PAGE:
My yoga teacher (who is fantastic) always says “You are your own best teacher. I am just a guide.”

  • VQ2

    So, Matthew Remski is guilty of being the Malcolm Gladwell of yoga, according to some of you upthread. But, imho, this characterization is being very complimentary to Mr. Gladwell …
    Journalistic mountain peak-scalers such as Remski or Gladwell still do have to have some kind of chops.
    Remski’s only “sin” is of actually not being among the pantheon of “independent intellectuals” with or without institutional “anointment” or academic degrees, when it comes to yoga (which, evidently has its academic programs in addition to registration credentialization, now …)

    • pal

      vq2- if gladwell gave therapy sessions or otherwise presented himself as a psychologist, your analogy would hold (weakly, and onlyinsofar as elephant journal is equatable to the new yorker). otherwise it is bizarre. autodidacts needn’t hide it, and it ends up he does have some formal education in his “field” so the label doesn’t apply.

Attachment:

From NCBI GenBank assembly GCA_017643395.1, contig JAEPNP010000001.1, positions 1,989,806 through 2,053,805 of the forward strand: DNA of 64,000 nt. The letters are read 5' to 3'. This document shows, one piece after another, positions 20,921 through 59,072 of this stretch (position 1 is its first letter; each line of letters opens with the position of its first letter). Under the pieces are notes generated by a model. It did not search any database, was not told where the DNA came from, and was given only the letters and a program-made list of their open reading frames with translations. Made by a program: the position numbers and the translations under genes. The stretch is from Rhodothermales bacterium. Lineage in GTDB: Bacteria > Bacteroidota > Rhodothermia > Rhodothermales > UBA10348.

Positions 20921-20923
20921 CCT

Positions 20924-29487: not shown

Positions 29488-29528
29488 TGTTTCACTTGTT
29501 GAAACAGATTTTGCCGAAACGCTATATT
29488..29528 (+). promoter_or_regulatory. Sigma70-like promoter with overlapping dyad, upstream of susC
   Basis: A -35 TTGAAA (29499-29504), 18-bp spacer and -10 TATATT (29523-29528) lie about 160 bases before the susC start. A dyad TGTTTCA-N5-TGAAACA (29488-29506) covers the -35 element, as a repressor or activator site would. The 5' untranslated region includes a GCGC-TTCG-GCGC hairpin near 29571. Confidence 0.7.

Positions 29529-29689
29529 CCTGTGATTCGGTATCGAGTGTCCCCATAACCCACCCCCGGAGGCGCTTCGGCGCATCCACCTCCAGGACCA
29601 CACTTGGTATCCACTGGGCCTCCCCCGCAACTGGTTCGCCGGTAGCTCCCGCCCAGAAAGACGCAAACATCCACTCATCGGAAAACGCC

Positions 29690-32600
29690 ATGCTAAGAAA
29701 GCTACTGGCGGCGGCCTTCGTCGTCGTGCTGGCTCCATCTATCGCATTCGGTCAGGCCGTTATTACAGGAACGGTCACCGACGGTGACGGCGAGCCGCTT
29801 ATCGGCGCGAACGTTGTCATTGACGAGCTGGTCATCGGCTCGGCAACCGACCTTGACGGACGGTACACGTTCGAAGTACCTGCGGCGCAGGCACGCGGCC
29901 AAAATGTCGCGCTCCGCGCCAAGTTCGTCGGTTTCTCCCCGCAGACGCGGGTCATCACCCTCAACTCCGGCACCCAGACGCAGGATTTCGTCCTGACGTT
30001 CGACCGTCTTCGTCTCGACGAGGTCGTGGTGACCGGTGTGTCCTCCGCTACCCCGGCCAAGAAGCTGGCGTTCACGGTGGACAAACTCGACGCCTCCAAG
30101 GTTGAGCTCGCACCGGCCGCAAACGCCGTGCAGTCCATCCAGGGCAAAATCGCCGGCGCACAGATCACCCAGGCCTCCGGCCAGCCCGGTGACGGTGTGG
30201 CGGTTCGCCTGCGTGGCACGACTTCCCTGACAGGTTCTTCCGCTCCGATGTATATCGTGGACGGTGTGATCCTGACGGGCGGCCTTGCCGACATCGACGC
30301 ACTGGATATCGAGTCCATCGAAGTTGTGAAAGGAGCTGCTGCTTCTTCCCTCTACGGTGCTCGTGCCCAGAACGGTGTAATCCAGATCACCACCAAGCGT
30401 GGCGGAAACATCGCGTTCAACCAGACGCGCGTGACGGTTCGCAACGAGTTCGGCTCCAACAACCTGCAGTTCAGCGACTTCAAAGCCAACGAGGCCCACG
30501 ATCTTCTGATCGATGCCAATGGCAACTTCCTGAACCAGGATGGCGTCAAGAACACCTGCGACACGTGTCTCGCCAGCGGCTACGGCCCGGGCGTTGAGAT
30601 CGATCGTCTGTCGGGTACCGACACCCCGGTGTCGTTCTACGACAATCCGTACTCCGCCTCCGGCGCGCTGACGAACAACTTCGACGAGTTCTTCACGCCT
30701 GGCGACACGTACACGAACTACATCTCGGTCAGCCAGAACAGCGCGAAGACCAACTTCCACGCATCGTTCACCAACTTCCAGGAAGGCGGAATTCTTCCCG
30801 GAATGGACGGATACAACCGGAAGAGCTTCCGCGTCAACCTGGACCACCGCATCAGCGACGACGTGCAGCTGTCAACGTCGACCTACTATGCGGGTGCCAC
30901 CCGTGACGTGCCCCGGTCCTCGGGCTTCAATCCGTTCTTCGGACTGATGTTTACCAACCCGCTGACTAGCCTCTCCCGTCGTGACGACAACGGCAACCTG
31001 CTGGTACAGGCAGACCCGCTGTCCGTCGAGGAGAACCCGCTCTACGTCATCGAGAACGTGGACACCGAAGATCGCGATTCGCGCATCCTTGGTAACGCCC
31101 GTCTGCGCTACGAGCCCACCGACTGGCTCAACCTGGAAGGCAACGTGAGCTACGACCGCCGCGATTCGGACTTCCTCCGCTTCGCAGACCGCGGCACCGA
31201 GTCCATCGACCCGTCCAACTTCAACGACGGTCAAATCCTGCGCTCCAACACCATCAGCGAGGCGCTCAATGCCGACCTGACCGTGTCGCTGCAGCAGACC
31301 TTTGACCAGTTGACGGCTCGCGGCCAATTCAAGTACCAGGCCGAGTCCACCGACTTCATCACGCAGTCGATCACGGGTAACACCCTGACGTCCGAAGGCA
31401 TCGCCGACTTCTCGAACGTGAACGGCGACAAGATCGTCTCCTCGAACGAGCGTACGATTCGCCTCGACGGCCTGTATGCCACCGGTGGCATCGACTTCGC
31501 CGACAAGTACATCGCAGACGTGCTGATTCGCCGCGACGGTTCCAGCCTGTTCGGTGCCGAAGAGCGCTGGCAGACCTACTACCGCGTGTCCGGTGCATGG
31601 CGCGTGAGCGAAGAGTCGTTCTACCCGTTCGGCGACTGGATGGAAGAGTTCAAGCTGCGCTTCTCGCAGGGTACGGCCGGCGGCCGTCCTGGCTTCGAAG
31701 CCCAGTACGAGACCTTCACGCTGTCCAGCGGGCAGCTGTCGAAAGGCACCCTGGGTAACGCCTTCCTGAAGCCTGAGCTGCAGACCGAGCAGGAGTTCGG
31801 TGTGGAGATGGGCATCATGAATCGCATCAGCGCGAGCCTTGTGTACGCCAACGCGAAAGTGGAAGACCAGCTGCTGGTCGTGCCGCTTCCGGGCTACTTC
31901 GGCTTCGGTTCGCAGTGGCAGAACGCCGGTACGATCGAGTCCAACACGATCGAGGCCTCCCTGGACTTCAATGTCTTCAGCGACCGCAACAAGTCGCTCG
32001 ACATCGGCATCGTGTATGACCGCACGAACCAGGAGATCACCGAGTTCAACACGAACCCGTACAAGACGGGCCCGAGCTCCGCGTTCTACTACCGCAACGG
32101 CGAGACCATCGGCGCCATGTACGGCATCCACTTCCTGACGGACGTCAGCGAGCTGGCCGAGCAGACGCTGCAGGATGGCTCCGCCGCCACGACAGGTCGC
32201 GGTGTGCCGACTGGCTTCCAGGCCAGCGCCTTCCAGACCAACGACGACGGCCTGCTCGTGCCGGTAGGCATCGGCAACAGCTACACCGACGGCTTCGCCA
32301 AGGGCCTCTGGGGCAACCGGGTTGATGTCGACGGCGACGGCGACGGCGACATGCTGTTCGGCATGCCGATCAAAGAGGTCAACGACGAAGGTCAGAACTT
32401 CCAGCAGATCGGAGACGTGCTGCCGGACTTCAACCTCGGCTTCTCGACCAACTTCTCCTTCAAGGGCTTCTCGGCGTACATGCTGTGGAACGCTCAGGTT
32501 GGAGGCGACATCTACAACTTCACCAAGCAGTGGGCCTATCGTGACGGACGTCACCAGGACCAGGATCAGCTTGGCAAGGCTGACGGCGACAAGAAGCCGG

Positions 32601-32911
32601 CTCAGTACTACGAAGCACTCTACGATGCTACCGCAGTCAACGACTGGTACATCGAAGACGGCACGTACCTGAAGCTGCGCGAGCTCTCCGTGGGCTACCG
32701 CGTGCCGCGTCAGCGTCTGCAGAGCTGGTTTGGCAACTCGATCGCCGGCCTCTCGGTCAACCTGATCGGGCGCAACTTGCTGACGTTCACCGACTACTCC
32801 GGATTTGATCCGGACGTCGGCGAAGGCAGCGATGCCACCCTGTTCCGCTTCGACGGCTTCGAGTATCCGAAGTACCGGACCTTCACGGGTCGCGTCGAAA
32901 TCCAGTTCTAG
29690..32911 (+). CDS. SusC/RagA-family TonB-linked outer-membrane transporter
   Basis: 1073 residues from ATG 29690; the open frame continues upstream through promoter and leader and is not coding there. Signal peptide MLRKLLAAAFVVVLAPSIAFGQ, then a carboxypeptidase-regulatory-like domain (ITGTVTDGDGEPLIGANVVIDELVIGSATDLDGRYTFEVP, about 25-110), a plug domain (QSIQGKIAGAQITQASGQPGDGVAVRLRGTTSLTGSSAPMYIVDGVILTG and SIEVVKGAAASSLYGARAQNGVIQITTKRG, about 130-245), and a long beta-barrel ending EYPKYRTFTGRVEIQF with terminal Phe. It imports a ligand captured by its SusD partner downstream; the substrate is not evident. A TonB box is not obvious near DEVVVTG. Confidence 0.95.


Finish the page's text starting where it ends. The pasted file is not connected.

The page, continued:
• S.

      Gladwell is fun to read, but is pseudoscience nonsense at best. Remski is exhausting to read and is pseudo-truth at best. Gladwell also does not base his findings on revenge and hatred.

      • VQ2

        Maybe it’s a matter of tone and of politics. I don’t mind Remski’s tone; I can’t stand Gladwell’s right-of-center politics. Weak analogies are what they are. Pseudoscience or pseudo-truth, what’s the difference? Got a better analogy. Here, I think the shoe fits.

  • Dwayne

    OK, I’m trolling here, but for those who can’t get enough of Kaminoff, see this recent article:

  • JCseeking truth